“The risk of civilization-threatening technological catastrophe remains high.”
Every year since 1945 the Bulletin of the Atomic Scientists makes the decision of what time its Doomsday Clock shall read. The minute hand of the clock may move closer or further to midnight based on existential threats to humanity. This year the Doomsday Clock stays in place at five minutes to midnight.
In an open letter to the United Nations Secretary-General Ban Ki-Moon and members of the UN Security Council, the group of scientists – which includes 18 Nobel laureates – argue that in 2013, “the world made limited strides” (such as an interim deal with Iran) toward reducing the threat posed by nuclear weapons, but overall, “the international community dealt with the continuing, potentially civilization-ending threat of nuclear weapons in a business-as-usual manner, meaning that outsized nuclear arsenals remain in the United States and Russia, and the nuclear arsenals of some countries—notably India, Pakistan, and China—appear to be growing.”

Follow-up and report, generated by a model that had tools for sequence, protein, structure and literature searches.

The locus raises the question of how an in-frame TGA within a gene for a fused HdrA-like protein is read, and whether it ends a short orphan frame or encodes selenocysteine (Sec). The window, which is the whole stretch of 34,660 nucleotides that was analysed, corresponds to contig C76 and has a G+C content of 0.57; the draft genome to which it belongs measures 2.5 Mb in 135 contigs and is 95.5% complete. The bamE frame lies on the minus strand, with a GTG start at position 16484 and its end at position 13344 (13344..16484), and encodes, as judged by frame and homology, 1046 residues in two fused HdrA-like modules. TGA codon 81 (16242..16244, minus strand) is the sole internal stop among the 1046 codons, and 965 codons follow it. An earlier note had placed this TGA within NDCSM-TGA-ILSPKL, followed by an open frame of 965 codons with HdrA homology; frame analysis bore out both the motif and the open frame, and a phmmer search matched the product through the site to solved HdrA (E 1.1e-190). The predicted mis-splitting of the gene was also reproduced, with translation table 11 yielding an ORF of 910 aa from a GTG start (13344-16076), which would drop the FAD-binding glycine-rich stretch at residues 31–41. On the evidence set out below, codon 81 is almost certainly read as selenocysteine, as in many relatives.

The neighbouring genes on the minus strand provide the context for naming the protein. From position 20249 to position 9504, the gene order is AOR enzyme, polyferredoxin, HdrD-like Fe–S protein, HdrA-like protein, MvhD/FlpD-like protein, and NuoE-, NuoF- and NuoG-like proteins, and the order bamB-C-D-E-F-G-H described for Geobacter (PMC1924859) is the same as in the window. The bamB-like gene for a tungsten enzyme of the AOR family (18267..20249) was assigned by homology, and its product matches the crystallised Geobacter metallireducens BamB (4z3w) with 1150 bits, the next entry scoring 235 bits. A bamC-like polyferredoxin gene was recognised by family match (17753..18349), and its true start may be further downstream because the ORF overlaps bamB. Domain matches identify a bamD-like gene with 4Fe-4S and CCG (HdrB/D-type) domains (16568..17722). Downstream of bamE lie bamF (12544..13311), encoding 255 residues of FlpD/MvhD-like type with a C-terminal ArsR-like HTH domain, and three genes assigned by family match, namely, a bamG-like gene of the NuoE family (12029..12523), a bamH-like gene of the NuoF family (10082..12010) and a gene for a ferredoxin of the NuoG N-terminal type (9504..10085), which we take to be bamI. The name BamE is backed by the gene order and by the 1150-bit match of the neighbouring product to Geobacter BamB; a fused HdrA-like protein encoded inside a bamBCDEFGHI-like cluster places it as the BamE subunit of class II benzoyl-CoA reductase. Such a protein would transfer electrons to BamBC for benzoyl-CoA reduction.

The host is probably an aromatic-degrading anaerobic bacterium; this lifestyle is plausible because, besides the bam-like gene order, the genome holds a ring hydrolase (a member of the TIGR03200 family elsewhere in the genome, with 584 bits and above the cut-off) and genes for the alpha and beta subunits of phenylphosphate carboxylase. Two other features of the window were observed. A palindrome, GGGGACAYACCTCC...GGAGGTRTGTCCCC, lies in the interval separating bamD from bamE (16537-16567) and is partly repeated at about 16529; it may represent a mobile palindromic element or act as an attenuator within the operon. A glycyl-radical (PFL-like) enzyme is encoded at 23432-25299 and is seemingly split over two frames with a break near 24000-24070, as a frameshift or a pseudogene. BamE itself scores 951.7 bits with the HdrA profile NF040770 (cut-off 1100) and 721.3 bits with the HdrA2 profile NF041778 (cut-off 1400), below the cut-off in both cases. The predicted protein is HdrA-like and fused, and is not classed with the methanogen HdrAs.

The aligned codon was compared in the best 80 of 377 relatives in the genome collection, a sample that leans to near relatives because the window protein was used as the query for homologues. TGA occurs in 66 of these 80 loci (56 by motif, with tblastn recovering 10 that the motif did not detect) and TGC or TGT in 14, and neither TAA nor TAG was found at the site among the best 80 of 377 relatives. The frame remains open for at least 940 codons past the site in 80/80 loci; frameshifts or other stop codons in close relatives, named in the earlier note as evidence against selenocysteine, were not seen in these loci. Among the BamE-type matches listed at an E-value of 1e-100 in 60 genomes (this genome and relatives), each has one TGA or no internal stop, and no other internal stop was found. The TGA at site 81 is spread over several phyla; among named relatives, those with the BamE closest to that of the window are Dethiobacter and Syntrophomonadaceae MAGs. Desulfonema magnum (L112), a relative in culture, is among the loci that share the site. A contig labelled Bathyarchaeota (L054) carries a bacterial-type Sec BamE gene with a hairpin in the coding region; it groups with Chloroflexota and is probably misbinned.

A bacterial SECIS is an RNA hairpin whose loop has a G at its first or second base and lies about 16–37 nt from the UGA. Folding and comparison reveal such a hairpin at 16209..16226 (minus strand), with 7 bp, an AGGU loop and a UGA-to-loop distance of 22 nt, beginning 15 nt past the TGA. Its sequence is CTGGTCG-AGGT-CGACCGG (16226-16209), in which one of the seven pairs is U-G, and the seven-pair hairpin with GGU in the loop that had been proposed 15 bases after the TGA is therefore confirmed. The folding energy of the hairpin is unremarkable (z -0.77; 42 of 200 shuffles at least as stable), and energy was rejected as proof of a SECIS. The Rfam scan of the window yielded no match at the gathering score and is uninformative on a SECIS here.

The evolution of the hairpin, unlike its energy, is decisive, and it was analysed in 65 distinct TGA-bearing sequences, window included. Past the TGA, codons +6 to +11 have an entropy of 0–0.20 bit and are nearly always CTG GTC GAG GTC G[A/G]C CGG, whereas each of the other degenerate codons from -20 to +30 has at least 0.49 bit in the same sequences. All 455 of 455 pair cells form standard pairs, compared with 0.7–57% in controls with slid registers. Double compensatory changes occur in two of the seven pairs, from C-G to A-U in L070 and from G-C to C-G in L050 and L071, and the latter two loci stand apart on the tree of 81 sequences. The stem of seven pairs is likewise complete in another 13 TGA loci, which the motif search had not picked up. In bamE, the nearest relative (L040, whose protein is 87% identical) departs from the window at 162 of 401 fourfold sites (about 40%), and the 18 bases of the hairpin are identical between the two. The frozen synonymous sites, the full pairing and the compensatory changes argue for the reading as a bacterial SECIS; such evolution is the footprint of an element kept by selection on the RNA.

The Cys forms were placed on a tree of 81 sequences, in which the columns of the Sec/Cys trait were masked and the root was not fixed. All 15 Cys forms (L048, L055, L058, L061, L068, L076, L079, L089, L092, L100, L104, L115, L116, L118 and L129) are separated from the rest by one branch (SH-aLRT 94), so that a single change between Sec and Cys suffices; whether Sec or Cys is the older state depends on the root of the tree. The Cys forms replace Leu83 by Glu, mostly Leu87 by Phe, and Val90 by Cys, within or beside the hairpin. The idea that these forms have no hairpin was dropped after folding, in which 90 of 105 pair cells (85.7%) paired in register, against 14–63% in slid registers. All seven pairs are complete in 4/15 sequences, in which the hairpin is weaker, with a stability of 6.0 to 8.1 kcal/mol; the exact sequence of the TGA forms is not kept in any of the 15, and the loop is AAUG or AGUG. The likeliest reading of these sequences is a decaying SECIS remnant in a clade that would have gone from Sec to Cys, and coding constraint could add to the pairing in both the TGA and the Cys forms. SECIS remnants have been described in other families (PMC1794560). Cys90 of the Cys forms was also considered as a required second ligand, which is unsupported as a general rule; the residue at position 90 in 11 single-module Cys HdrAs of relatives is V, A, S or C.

The nuclear threat is certainly not the only threat the scientists considered. The group concluded that “worldwide efforts to limit the carbon dioxide emissions that cause climate change have largely stalled.”
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